The Man I call “Uncle Felimon”
A Reflective Narrative
By Emily Benosa-Homma
When I was five years old, I was introduced to one of my two uncles named “Felimon”. I could not easily memorize the names of my three aunts who came to visit us occasionally in Makati, but the uncle my Nanay presented to me had a greater impact on my young mind for I could easily compare his character to the ones I often saw on black and white TV. Oh yes, he looked like Sampaguita’s Eddie Gutierrez or Eddie Mesa, no kidding! Uncle Felimon’s image was an epitome of a young man in those times, what with his well sculptured hair shimmering with sweet scented pomade and his matching pointed shoes that seemed to have gotten a million times of brushing. They were like little mirrors. Why, I could even see my big teeth’s reflection on the shiny tip of his shoes. And as he told us stories while sitting in his favorite “de quatro” position, he would speak with eagerness and punctuate his every sentence with a giggle. His vibrant personality would mean he was the happiest 25-year-old bachelor among my relatives.
Agtudtudo ti napigsa,nalamiis ti angin na
Napanunot ko ti mapan agtugtugaw diay ayan ti tawa
Nalagip ko manen ti anak ko ken ingungutek nga asawa
Ngem ti saludsod ko,malaglagip dak met ngata?
Maamiris ko tattan tay kunkuna dan
Ti pannakailiw isu’t narigat nga kalaban
Ngem ania ngay garud,ay ket an-anusan
Ta masapul met ti agbirok ti iyala,ti bagas nga sanga kaban
We are pleased to welcome Mr. Tony Brownlow as a guest writer here on the Sagunto Star. In the following essay, he shares with us what makes the Philippines, and Sagunto in particular, so special to him. He and his wife, Helen Bongog Brownlow, have a home on the foothills of Palina, overlooking Sagunto and the surrounding areas.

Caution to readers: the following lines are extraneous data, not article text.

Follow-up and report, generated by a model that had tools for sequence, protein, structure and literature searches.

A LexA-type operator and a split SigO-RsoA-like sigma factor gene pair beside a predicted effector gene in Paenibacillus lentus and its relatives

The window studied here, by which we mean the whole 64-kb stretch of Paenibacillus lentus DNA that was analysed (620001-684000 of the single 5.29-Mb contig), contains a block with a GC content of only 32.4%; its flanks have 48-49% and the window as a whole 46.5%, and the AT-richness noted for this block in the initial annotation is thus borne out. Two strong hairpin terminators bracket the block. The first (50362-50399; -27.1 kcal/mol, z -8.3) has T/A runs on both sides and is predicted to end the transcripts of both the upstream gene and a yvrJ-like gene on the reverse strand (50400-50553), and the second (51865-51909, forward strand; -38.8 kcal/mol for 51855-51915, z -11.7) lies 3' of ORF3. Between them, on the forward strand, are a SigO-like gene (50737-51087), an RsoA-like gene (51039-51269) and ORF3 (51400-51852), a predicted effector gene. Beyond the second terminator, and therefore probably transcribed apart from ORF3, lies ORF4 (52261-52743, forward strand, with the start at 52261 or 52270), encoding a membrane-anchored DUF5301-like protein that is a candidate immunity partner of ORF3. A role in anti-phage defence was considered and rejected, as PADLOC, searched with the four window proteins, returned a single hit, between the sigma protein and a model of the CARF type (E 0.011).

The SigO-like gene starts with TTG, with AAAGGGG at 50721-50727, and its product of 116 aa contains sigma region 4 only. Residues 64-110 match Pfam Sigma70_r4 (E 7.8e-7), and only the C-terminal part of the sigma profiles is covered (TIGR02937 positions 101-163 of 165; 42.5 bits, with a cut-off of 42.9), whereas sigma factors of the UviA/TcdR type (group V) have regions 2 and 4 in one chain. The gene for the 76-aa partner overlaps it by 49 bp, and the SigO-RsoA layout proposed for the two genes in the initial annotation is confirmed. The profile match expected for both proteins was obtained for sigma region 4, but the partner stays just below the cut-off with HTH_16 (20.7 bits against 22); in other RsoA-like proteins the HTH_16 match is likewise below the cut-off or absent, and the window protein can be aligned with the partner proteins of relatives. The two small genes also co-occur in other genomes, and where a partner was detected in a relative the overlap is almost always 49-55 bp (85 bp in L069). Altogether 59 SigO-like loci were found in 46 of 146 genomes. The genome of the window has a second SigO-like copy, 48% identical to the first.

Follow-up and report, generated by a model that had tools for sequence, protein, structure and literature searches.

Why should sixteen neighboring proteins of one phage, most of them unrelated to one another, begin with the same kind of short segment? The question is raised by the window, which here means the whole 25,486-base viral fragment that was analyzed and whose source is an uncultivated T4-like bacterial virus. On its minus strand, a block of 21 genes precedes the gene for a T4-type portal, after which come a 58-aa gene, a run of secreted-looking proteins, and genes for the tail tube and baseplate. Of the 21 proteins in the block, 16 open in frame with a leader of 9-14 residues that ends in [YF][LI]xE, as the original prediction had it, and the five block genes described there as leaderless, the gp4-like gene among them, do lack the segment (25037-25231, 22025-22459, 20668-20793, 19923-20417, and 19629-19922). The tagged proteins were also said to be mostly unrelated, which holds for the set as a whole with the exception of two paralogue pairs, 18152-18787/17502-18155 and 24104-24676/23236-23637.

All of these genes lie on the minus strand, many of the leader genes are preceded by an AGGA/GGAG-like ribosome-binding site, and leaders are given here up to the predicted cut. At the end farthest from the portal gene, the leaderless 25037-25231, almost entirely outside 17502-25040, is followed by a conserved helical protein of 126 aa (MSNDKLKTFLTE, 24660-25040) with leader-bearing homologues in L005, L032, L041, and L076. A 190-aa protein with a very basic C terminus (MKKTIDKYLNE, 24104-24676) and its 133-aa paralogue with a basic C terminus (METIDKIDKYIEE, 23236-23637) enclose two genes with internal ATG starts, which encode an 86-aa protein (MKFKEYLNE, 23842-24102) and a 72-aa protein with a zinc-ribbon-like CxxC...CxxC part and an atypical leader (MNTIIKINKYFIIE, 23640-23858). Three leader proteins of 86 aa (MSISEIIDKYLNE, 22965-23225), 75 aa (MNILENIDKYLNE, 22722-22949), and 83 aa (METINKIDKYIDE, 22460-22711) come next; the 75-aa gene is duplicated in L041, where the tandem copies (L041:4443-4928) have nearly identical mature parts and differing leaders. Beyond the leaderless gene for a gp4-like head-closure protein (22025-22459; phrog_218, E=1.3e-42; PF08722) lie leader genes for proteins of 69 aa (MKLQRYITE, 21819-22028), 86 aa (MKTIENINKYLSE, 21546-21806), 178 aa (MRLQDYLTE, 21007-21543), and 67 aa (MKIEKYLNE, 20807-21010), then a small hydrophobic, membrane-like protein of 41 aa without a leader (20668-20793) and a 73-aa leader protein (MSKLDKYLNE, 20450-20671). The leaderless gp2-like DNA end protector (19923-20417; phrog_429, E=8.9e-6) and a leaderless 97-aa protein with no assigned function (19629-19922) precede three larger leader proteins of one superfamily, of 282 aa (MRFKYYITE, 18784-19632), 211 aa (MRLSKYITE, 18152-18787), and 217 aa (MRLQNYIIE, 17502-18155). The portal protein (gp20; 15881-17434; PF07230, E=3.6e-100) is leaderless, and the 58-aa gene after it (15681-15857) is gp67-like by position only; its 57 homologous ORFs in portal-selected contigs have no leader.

THE PHILIPPINE ENIGMA BY AN ENGLISHMAN
by Tony Brownlow
As a boy thumbing through a book of knowledge, I happened upon a photograph which portrayed a carabao being worked in the rice field. The farmer behind was clean and tidy, wearing a wide brimmed white sombrero. What I could not understand of this photography from a tropical clime was that the man was clearly white and this image stayed with me.
Some twelve years later, I had been a soldier in the Korean War, and by a twist of fate, instead of a troopship return to England, I was a passenger in an R.A.F. two-engined Valetta to take me from Japan to Singapore. This meant refueling three times. The first or was it the second stop over, we landed in some obvious tropical country. It was in the dark of the night, lightning was flashing in the night sky – this was end of May, 1953. It felt humid as though we had landed in the middle of jungle. “Where are we?” I asked. “The Philippines!” replied someone. Amazingly, the enigma remained because we took off and I never saw the country at all.